He is survived by his sisters, Irene Maria, Lurdes, Dulce, Alaíde and Marlene, and his brothers, Inacio and Artêmio.
Auri Hummes entered religious training at 9, became a Franciscan friar at 22 and was ordained a priest just days before his 24th birthday, taking Cláudio as his religious name. He went to Rome to study philosophy at the Pontifical University Antonianum and received his Ph.D. in 1963.
He returned to a Brazil in tumult: The military seized control in a coup in 1964, instituting a repressive dictatorship that was to last 21 years. At first, Cardinal Hummes seemed happy to sit out the conflict, teaching at the pontifical university in Porto Allegre and holding a number of other provincial academic posts.
That changed in 1975, when he arrived in Santo Andre driving a beat-up Volkswagen. The region was home to some of the largest automobile and metalworking plants in Latin America, and its hundreds of thousands of workers were beginning to turn against the low wages and poor labor conditions imposed by the government.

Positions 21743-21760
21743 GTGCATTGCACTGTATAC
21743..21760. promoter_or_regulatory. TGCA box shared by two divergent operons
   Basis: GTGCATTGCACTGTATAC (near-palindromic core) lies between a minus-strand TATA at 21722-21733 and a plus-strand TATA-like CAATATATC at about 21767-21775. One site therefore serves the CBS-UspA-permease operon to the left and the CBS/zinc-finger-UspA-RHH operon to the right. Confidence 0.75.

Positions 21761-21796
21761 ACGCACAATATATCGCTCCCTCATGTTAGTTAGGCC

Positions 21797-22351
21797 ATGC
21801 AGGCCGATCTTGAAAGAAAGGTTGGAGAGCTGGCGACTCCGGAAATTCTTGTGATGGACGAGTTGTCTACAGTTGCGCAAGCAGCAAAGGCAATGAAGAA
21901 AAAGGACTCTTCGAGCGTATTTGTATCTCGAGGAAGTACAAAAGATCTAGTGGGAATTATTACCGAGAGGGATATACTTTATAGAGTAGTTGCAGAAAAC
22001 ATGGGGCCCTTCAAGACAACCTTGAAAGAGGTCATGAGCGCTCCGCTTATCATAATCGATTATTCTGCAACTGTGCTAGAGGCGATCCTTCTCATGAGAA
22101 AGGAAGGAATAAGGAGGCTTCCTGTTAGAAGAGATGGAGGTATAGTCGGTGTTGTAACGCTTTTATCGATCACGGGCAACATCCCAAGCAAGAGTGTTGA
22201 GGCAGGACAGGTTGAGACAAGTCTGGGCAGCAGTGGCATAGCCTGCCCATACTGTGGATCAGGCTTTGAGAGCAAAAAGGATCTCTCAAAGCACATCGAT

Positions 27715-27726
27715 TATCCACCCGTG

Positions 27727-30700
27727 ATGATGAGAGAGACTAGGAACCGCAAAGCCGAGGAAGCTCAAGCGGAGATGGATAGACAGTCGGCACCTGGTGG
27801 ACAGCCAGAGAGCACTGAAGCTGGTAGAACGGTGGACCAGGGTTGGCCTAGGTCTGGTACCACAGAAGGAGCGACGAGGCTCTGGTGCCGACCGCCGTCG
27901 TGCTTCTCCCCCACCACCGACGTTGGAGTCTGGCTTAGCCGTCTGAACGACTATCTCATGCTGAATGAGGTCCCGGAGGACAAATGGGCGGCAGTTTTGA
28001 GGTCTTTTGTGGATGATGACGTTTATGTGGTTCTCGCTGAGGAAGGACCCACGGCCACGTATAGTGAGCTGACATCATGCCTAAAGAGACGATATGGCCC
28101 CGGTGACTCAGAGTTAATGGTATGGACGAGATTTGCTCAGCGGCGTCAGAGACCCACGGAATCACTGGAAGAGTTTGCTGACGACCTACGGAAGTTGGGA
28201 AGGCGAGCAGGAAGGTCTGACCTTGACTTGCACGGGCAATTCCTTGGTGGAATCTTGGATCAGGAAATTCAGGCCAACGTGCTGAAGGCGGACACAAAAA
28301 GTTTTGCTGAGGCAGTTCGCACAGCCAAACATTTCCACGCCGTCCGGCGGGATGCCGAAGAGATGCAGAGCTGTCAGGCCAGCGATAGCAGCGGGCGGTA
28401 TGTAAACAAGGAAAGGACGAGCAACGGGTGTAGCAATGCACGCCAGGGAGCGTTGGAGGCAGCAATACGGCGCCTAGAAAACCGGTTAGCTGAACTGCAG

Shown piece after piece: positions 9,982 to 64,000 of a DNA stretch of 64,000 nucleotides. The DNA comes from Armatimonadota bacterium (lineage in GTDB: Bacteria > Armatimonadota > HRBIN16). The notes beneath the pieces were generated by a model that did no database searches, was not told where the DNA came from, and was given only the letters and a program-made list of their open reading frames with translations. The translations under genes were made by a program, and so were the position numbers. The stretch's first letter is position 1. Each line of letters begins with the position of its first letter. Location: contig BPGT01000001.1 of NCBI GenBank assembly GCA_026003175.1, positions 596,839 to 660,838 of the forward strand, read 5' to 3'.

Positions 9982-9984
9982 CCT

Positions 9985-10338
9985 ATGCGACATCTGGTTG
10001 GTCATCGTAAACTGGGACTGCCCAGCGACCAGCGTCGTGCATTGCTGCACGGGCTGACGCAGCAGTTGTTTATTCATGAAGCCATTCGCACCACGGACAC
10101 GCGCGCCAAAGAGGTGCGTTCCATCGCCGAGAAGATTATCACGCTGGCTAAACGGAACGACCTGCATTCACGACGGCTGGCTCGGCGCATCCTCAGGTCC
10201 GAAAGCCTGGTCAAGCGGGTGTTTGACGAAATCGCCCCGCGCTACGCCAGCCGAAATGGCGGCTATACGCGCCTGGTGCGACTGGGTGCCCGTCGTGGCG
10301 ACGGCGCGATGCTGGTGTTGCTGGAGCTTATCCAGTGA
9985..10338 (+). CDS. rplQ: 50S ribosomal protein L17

Cardinal Hummes was called in to mediate, but he immediately took the workers’ side. When the government tried to take over the unions, he offered them space in Santo Andre’s churches to organize, and if necessary to hide. The strikes he supported helped bring an end to military rule in 1985.
Though many of his allies from that era expressed disappointment with his turn to conservatism in the 1980s, he gained new friends on the left after returning from Rome in 2010, when he took up the twin causes of Indigenous rights and climate change.
As the head of the Episcopal Commission for the Amazon, he insisted not only that the Brazilian Catholic Church increase its efforts to help the region, but that it do so by putting Indigenous people in charge, building a local church “with an Amazonian face and also an Indigenous face.”
Flavia Milhorance contributed reporting.